Celandine (Touchstone Trilogy Series #2)

Celandine (Touchstone Trilogy Series #2)

4.7 17
by Steve Augarde
     
 

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Now available in paperback with gorgeous new cover art!

Set seventy years before The Various, the second book in the trilogy follows the adventures of young Celandine at the onset of the First World War. Having run away from her detested boarding school, Celandine is too afraid to go home in case she is sent back. As she seeks shelter in the Wild

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Overview

Now available in paperback with gorgeous new cover art!

Set seventy years before The Various, the second book in the trilogy follows the adventures of young Celandine at the onset of the First World War. Having run away from her detested boarding school, Celandine is too afraid to go home in case she is sent back. As she seeks shelter in the Wild Wood near her home, little does she think she will encounter a world where loyalty and independence is fiercely guarded, and where danger lurks in the most unlikely of places. Celandine's troubled character finds both refuge and purpose among the secret tribes of little people that she alone believes in.

The novels of the Various trilogy are full of mystery, beauty and adventure; this second novel is both page-turning and life-affirming.

Editorial Reviews

From the Publisher
Praise for the Various:
"A marvelous blend of old-fashioned storytelling, the book has a freshness and immediacy that will intrigue fantasy lovers of all ages."—VOYA
"A rousing addition to the durable genre of British fairy lit."—The New York Times Book Review
"Augarde unfolds the events gradually, allowing readers to luxuriate in the near-idyllic setting he has created and beckoning them back for future installments."—Publishers Weekly

Publishers Weekly
PW called The Various a "rich and atmospheric fairy tale" set on Mill Farm, home to a panoply of magical beings. Celandine by Steve Augarde, its prequel set in WWI England, introduces the title heroine, who discovers fairies living on a hill near her family's farm. At the same time, she uncovers her own gifts of healing. Copyright 2006 Reed Business Information.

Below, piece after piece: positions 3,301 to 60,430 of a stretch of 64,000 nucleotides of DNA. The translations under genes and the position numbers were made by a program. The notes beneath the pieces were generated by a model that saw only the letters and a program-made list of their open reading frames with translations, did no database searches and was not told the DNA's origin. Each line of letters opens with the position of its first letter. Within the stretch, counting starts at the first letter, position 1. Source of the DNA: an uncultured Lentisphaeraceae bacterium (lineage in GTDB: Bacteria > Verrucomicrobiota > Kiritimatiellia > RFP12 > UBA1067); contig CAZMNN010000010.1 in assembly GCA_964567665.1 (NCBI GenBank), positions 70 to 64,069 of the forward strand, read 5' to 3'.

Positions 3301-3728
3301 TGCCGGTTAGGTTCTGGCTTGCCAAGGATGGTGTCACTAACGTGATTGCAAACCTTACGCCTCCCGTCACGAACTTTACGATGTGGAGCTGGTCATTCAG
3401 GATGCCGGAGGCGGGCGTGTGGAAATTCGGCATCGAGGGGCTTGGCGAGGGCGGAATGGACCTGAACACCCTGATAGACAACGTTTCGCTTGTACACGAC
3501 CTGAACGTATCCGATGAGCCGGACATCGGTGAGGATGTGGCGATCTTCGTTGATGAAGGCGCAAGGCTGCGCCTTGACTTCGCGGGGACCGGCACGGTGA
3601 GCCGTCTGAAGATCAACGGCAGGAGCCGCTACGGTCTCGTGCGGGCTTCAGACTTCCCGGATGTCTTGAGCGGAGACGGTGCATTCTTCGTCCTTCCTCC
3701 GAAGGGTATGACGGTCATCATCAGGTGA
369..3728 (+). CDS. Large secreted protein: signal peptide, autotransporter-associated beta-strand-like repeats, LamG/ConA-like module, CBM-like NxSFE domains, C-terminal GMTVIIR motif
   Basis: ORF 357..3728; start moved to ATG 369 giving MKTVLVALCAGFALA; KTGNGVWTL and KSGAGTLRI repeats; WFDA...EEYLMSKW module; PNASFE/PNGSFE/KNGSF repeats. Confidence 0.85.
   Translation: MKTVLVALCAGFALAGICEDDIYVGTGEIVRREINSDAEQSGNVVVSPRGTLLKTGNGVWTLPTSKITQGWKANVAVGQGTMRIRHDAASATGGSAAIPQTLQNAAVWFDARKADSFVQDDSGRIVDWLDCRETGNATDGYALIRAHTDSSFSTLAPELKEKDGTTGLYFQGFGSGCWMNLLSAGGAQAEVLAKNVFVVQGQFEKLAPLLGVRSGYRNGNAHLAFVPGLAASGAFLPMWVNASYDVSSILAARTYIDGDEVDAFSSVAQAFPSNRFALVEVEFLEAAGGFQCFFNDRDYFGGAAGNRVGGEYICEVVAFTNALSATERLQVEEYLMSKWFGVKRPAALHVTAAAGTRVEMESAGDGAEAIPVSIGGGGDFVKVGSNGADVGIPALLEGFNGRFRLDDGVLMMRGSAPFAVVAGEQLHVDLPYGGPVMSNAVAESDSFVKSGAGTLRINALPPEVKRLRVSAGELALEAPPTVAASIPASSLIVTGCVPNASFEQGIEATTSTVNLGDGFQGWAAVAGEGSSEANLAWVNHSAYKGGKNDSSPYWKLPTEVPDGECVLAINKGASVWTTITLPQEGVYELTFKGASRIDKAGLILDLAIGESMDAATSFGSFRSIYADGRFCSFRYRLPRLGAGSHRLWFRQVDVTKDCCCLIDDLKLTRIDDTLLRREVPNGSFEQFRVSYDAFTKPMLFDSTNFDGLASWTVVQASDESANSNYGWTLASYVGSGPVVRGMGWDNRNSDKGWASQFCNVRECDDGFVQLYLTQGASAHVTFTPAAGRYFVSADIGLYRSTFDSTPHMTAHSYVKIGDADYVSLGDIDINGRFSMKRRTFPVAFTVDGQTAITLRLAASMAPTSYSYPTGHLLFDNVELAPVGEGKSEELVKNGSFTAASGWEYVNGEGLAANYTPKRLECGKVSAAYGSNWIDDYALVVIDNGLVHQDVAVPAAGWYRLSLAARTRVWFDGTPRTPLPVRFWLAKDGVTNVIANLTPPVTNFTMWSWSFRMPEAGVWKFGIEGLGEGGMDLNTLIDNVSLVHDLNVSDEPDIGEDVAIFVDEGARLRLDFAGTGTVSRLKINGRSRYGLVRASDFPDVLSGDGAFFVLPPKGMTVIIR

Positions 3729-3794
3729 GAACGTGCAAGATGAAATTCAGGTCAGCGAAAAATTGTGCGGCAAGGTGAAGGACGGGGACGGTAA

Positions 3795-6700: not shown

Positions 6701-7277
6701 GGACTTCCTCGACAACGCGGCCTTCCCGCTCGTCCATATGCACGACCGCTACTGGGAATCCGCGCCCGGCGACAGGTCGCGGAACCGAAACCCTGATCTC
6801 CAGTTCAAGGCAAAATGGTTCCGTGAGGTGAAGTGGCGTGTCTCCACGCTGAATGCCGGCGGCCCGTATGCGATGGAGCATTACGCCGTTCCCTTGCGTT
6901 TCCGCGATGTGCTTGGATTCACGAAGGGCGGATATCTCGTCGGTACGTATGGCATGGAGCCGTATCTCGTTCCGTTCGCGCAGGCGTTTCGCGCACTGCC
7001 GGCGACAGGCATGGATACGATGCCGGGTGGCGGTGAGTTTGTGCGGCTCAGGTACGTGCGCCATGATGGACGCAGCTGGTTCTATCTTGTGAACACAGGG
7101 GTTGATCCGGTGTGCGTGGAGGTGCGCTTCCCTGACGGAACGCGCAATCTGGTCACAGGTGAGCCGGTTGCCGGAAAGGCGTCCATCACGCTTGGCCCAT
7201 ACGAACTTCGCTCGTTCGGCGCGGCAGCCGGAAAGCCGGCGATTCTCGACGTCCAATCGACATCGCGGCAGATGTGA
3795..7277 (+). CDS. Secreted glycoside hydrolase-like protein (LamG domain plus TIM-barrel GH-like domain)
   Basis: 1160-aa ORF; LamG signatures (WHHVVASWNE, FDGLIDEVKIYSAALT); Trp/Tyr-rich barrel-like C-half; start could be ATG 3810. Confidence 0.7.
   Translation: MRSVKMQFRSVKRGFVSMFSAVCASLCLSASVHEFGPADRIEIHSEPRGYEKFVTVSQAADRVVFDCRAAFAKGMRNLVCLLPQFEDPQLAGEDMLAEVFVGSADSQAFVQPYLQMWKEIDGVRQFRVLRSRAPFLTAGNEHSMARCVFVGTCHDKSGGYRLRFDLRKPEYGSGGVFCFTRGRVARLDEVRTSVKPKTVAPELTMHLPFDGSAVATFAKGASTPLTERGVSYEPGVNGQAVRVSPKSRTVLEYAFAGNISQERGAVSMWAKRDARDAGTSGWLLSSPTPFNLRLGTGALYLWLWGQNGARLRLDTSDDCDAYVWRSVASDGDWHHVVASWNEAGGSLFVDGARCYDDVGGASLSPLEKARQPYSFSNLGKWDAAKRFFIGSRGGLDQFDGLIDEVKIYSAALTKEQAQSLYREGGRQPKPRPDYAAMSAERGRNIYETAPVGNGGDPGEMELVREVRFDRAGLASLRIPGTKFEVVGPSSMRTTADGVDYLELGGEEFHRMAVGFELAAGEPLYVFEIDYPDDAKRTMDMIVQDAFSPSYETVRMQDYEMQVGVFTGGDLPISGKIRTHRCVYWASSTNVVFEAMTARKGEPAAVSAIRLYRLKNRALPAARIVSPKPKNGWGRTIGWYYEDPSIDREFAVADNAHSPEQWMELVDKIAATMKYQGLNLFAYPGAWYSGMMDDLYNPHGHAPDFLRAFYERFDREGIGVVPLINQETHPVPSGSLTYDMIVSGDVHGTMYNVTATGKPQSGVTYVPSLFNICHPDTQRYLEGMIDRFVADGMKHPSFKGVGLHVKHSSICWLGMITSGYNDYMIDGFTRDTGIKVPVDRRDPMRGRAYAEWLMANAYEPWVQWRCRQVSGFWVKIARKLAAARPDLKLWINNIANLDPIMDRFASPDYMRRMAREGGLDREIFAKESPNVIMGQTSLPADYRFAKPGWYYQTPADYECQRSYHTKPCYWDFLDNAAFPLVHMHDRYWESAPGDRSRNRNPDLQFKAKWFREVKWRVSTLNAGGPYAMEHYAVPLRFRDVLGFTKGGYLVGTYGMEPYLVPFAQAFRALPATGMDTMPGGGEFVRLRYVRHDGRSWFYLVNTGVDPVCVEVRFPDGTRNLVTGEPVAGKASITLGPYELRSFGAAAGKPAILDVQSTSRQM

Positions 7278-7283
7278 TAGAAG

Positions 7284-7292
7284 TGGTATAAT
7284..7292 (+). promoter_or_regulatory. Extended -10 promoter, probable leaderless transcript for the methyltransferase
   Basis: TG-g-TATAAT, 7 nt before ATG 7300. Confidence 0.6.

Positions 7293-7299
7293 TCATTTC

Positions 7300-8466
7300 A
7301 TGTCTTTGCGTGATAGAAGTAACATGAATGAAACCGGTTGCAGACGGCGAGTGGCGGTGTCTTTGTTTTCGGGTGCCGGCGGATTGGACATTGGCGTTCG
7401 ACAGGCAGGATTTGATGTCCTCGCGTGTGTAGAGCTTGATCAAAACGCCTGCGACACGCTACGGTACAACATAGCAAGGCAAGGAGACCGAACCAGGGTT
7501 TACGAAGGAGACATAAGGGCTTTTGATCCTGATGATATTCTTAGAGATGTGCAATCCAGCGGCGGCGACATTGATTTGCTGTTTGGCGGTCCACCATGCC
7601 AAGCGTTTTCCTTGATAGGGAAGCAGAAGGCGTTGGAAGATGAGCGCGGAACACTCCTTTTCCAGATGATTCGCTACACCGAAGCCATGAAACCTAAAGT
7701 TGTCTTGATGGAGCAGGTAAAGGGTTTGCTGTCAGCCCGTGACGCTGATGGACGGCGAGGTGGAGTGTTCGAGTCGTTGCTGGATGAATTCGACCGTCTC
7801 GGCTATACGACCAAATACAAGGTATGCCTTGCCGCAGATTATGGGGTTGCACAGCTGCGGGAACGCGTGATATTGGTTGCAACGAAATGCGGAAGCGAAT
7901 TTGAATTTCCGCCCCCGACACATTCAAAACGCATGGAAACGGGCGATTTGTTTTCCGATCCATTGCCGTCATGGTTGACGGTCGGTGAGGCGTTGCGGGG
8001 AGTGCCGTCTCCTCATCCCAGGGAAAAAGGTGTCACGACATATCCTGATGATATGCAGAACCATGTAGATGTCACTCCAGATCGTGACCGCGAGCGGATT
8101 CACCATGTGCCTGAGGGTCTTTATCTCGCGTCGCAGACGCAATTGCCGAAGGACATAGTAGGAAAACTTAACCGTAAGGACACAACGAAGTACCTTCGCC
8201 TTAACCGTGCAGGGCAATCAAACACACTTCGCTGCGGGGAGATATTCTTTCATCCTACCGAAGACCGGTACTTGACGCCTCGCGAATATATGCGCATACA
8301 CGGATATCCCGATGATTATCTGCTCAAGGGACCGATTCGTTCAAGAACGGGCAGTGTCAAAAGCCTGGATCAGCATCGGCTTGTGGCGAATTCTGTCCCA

Children's Literature - Judy Crowder
This beautifully written book is magical in so many ways! Celendine, thirteen, is creative, compassionate, and resilient despite the odds: misguided parents, a hateful and strict governess, plus a World War II—era British boarding school that one hopes can only be found in fiction, complete with horrid, bullying girls. Then there are the Various, the little people—the Ickri and Naiad, Wisp, Tinklers and Troggles, who live on Howard's Hill. The hill is part of Celandine's family farm, but is too steep and stony to plow, so it is left to grow wild. Celendine's chance meeting with Fin, an innocent, childlike Ickri, introduces her to a magical world, so unlike her everyday life. It is the knowledge of this secret world that sustains Celendine through the ugly life of Mount Pleasant School: the tedious routine, the constant threat of corporal punishment, and losing her one friend. When Celendine learns that Freddie, her beloved brother who enlisted at age sixteen, is killed in the war, Celendine leaves the Gorgi (human) world for that of the Faerie, where she is grudgingly, then lovingly accepted. But when another Ickri clan, dark, warlike, and winged, arrive with the Touchstone, a magical sphere stolen long ago from the little people on Howard's Hill, even the peaceful world of the Various is shattered. Celendine, forced to flee, wonders if she has exchanged one world at war for another. Celendine is the second of a trilogy about the little people. The first book, The Various, winner of the British Smarties Medal, has a different human character. This second in the trilogy stands alone well. Beautifully illustrated with Augarde's black-and-white drawings, this bookis a treasure, right up there with Narnia and Middle Earth!
VOYA - Mary Arnold